The politics of a polarized country
Actions speak louder than words. The Constitutional Reconciliation Commission in Ankara’s Parliament is still working. In principle, all of the four political parties are equally represented there. They are drafting the new constitution of the country. The new constitution was supposed to be the beacon of democracy and liberty in completing Turkey’s transformation process. Yet everybody in Ankara is acting as if there was no problem with the constitution process. Actions though, speak louder than words. The new democracy package says it all: Turkey’s transformation process does not look like it will come up with a new constitution any time soon. Democratization needs to wait. It’s the politics of a polarized country stuck in the mud. Let me tell you why.
The looming question in Ankara is obvious: After the new democratization package, are there any hopes for the two-year constitution drafting process that started in late 2011? I don’t think so. But before answering why, let me clarify the question. Is Turkey going to push for a once and for all, big bang type, democratization process, or will it still choose a step-by-step approach? So either the democratization process is an end in itself, good for Turkey’s regional ambitions, or it is another instrument of political bargaining, especially with the Kurds. I’m not saying this is good or bad, but that is where we are at the moment in Ankara. The new democracy package is now a barrier to a more swift democratization process through a new Constitutional period. But why?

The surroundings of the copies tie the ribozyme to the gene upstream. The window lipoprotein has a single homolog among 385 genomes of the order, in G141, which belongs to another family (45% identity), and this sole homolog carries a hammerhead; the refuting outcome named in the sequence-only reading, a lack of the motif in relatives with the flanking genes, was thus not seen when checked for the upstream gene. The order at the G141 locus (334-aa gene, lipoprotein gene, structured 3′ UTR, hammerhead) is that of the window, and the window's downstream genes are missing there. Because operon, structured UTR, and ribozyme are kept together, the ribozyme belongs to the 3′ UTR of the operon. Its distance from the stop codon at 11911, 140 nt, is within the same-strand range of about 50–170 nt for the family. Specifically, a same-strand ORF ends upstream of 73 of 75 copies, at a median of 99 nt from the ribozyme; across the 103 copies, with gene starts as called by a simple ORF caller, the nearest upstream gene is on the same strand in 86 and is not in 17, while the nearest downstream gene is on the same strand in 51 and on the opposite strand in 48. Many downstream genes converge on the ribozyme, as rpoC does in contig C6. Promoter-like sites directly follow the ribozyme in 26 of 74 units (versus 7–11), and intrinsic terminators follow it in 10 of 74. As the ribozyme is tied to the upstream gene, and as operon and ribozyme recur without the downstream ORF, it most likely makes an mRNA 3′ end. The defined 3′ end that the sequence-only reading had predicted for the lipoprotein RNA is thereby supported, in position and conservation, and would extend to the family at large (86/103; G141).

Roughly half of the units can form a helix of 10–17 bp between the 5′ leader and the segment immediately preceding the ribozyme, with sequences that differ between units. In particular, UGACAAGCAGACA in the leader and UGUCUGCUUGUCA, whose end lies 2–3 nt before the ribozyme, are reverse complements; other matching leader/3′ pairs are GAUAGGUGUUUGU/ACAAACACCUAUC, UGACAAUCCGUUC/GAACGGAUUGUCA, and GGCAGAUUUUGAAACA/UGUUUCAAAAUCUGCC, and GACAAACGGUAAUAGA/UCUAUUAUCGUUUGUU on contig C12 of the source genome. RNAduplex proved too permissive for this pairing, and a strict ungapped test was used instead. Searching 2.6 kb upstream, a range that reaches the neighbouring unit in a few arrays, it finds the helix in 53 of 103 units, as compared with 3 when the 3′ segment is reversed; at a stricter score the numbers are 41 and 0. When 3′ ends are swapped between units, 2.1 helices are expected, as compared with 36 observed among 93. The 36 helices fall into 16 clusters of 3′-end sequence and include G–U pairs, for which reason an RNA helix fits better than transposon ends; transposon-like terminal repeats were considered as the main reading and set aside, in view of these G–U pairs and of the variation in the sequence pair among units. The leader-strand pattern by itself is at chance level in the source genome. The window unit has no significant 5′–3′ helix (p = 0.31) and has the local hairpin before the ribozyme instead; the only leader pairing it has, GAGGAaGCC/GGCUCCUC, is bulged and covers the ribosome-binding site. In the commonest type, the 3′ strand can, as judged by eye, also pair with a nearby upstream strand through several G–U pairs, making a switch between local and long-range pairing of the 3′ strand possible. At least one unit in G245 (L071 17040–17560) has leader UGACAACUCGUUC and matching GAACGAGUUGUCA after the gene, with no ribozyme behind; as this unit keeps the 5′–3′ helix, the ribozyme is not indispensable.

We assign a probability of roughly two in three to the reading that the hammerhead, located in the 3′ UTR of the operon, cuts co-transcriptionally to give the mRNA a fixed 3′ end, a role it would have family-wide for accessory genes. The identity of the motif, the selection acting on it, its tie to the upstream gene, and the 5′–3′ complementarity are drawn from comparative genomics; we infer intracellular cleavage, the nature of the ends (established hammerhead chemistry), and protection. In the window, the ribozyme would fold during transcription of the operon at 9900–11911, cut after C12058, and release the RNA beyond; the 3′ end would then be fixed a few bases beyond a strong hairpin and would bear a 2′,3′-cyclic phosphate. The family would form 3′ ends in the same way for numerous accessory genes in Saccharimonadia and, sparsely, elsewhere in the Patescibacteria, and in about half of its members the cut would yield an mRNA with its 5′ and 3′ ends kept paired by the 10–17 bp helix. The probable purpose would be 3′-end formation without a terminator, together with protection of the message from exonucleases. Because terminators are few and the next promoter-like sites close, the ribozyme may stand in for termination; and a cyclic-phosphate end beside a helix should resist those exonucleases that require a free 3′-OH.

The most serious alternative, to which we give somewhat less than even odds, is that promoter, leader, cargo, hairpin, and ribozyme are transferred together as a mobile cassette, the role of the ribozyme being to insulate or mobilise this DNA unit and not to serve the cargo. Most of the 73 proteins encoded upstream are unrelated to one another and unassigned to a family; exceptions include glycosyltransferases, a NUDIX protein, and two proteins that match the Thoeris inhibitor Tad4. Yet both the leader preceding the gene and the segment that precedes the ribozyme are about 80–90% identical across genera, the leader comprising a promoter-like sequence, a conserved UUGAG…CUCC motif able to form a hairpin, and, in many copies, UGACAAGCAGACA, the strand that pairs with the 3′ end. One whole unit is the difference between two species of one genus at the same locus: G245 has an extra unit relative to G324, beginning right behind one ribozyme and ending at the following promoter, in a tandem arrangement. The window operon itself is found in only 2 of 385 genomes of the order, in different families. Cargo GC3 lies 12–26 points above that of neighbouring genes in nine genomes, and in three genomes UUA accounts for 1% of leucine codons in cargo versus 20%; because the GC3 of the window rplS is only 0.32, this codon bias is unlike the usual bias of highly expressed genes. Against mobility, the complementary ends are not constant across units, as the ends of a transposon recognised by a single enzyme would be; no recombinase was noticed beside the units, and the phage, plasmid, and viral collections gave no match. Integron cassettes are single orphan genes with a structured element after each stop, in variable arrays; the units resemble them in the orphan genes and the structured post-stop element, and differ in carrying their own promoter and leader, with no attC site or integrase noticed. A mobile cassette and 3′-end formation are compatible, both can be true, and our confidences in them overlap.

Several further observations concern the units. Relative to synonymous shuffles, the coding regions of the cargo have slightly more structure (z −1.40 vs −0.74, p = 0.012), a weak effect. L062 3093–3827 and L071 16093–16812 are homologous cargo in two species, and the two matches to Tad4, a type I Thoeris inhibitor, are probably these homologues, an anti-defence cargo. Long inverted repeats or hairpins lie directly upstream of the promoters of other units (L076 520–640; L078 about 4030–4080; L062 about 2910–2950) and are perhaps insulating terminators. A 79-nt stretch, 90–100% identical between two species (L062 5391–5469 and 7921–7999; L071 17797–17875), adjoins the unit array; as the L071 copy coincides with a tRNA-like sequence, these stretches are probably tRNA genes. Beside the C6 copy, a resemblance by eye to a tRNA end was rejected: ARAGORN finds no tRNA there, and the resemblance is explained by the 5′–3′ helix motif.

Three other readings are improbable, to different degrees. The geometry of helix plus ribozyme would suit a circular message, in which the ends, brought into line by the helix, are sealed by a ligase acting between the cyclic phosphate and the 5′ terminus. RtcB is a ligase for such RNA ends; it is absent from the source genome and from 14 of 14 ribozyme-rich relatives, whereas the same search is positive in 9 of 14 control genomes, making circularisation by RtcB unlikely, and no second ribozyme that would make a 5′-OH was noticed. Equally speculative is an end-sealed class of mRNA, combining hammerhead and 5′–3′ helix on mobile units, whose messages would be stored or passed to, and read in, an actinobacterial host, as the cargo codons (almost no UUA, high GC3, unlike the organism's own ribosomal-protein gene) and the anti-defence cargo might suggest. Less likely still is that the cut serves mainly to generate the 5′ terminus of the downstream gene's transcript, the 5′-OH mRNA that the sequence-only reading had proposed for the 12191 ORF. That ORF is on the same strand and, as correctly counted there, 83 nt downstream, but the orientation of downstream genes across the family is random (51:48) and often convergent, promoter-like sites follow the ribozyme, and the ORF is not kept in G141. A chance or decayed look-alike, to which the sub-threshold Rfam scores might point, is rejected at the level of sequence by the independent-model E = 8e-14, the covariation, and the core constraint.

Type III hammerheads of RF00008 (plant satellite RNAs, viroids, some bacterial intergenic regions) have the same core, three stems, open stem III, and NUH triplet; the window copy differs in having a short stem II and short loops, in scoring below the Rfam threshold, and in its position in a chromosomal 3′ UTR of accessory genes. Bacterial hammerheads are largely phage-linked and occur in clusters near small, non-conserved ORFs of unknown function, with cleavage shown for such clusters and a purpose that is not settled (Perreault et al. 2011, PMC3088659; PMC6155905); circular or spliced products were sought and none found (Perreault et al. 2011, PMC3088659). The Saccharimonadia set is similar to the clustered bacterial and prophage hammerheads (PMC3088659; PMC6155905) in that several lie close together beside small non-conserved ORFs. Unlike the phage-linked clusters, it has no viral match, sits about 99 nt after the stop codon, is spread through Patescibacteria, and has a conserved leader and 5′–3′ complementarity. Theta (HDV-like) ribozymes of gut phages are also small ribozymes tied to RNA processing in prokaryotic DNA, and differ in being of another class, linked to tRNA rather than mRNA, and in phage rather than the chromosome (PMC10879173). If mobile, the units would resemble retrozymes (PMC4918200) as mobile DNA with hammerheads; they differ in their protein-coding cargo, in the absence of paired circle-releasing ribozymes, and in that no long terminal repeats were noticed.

Fully fledged democratization needs more time, as there are so many elections in the coming two years. First, we are going to have municipal elections in early 2014, then the first presidential election with direct public voting and thirdly a general election coming up in 2015. Elections mean no time for huge reforms. This is true for political and administrative reforms, as well as for structural economic reforms. A fully fledged democratization agenda means dealing with all the contentious issues of the country head-on.
Let me give you an example of curriculums in mother tongues: Turks need to make a decision whether their country is going to be bilingual or not. The Kurdish Party BDP’s position is clear: “Turkey needs to become bilingual. If you do not want that, then a territory of the country boundaries to be determined by negotiations could become bilingual.” If the answer is no, the peace process will be in jeopardy. Bad for elections. If the answer is yes, as the issue has not been discussed before, it is again bad for elections. So this means that the process is stuck. Only promising that you are going to allow Kurdish curricula in private schools leaves the door ajar.
It is election season in Turkey. In terms of democratization, this is the time for half moves and half promises. No deliveries, please. Bad for elections. This is the season of democracy packages, not constitutional drafts and reforms. That is not good. But that, I suppose, is what a polarized country looks like. Just ask the Americans.